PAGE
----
Cycles

January 31, 2018
By mmorac BRONZE, Buenos Aires, Other
mmorac BRONZE, Buenos Aires, Other
4 articles 0 photos 0 comments

The wind swept my hair into its gentle arms, caressing and threading it into its fingers, gently tugging, as if it was acknowledging my existence. Emir, my dog, barricaded into me and slapped me back into reality. I bent down and picked up the ball, warningly, threw it once again, intentionally inserting myself into the morning cycle. Throw. Run. Throw. Run. I am easily amused by Emir’s amusement of the simple game of Catch.

Before I disentangle myself from the ball of spit, or tennis ball, I glance at the empty metal tin that is Emir’s food bowl. My eyes stare deep into the bottom of it, my blank face reflecting back at me. Slow, carbon black ants creep along the edge of it, marching together as a whole. Going back and forth from their nest to the food bowl, scraping the very bottom of it, searching for any crumbs. Emir, in his cloud of pure joy, glances at the bowl, the thoughts of ants and crumbs flooding into the back of his mind, not even firing a neuron.

In the kitchen, I prepare my energy. Coffee, a dash of milk, 2 sugars. With this I will not fall asleep throughout the endless pool of thought, that is, my day. I scan the dirty kitchen floor, should’ve cleaned it ages ago. The rash dirt footprints are still fresh as they were 8 months ago, they are practically etched into the cold white linoleum tile. His Timberland boots never leave my mind. And them walking out my door is the memory that never seems to tire of repeating itself.

My robe and morning slippers hug me, almost as much as my bed does. They are the true companions, who needs the “We will always be here for you,” speech when you can have the daily dose of Advil and hours in the same tangled mess of sheets. They hug you and embrace you, sinking you deeper into the depth of your unconscious where your memories and fantasies mix. Your mistakes become your worst nightmare, and your illusions become the excitement of your day.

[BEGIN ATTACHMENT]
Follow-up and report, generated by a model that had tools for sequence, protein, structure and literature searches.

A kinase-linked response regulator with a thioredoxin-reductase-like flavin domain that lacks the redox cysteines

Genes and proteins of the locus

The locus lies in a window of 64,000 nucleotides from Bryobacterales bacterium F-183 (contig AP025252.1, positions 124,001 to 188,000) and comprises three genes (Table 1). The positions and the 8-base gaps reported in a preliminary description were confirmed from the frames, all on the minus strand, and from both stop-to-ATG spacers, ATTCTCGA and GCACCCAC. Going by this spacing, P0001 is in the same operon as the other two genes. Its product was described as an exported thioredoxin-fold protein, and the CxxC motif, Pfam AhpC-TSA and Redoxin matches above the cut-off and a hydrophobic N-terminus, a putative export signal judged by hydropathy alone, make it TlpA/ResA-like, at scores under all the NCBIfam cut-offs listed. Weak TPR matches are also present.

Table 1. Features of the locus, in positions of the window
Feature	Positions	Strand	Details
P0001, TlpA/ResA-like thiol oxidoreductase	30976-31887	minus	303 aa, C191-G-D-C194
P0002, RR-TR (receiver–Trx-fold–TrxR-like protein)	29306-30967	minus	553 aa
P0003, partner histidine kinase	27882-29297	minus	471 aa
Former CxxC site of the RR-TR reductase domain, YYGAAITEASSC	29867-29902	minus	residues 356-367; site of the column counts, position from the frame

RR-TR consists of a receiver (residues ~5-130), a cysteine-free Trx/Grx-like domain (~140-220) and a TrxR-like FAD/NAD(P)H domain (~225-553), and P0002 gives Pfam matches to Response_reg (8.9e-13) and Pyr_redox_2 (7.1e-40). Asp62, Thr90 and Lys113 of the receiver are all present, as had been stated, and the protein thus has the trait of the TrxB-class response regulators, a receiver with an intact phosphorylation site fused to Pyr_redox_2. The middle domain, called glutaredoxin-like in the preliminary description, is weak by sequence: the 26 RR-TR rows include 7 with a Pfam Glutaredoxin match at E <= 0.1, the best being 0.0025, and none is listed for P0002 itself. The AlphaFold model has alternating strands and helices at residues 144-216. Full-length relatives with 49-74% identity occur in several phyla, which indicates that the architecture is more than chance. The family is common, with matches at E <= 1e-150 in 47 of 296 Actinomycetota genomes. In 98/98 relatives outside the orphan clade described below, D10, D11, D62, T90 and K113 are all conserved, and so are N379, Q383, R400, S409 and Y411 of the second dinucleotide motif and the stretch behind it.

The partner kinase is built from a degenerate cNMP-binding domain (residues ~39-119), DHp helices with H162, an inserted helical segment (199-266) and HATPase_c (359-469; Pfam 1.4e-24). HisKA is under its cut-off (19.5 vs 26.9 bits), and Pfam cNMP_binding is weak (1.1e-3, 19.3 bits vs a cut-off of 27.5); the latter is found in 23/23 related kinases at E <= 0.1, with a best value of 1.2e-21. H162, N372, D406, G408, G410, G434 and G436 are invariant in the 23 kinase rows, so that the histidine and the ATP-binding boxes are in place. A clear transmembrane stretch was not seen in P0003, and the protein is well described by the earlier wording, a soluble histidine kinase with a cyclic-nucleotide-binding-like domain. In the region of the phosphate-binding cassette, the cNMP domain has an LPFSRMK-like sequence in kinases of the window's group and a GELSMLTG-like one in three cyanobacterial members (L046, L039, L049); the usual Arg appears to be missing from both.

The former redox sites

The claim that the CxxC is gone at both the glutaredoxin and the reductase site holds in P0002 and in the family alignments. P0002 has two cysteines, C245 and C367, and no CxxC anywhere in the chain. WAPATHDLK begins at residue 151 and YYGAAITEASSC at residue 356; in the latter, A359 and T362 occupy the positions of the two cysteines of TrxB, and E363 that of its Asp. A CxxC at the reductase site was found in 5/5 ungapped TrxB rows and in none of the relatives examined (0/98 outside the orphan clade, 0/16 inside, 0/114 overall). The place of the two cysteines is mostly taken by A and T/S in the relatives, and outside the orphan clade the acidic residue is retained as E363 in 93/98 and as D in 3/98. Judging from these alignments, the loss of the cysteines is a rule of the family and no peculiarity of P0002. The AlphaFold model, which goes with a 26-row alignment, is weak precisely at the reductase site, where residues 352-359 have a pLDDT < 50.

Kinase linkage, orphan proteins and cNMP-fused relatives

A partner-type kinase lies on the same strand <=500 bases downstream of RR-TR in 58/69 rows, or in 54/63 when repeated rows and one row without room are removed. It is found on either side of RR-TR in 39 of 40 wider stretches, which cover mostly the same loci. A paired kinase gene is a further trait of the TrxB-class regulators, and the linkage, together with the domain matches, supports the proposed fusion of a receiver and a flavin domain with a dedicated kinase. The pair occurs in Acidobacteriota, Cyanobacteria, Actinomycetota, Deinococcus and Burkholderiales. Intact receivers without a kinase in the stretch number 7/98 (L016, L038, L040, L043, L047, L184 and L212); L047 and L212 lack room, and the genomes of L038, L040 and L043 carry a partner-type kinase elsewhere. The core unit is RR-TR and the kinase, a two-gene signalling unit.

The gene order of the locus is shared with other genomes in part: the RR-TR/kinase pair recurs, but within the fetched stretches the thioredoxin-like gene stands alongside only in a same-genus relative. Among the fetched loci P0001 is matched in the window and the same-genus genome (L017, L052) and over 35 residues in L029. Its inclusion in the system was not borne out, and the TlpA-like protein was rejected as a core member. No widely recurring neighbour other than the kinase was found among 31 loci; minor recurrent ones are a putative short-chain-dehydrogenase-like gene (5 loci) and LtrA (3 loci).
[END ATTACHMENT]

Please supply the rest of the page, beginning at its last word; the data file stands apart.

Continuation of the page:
Blurs of green and purple flash outside my window, the colors fading into the evergreen puzzle that fills the view; distracting me once again. The hummingbird’s wings move 80 beats per second, my heart pounding just as fast. It moves from flower to flower, its elongated beak pricks along the trumpet of the honeysuckle, seeping in the energy that allows for the bird to sustain itself. It moves in a cycle, fiercely inserting itself into the deep task of pollinating.

Two summers ago, I sat at the end of his pickup truck. Red and gleaming, shiny as the sun does once it rises off the lake into the electric blue sky. My eyes fall on his, and my heart soars, touching, just grazing heaven. His clear as day voice surrounds me as if I was floating in golden honey. His touch sends electric currents through my veins, speeding up my adrenaline, leaving the blood pumping in my ears. The sun would bake my browning skin from morning to afternoon, its cycle never seeming to faze me. Sunrise. Sunset. Sunrise. Sunset. Yet now, I think of the sun’s boring sequence, and it astounds me to be stuck in the same.

“What is he up to?” I ask, my question filling the void of silence in the room. Unsteady eyes, glance at every object in the room, except me. Lips curl into forced smiles and they form the words, “Nothing, important really.”. I had picked up a gun and shot the white elephant in the room, but certainly, it wasn't enough.

Wine and the moon become my night companion, they are almost enough to fill the shallow yet painful other side of the bed. My own expectations are enough to chain me to the dark well that holds me tightly as I slip between awakeness and sleep.

In a fit of rage and exhaustion, I yelled at them, “What does this all mean? Are we all meant to have a purpose?”. Do we? Must we? Why are we as humans so evil to one another? Blank faces, blank stares, and blank minds were returned to me. I realized that my words were just bouncing off them like one would bounce a basketball against the hard floor.

Emir nuzzled his way back under my arm. His body heat radiating towards me, trying to fill the cold auditorium of emptiness between my chest. He didn't seem to be displeased that we did the exact same thing that we did yesterday.


The author's comments:

This piece was inspired by Annie Dillard's Death of a Moth. I was also inspired by Virginia Woolf's stream of consciousness style. 


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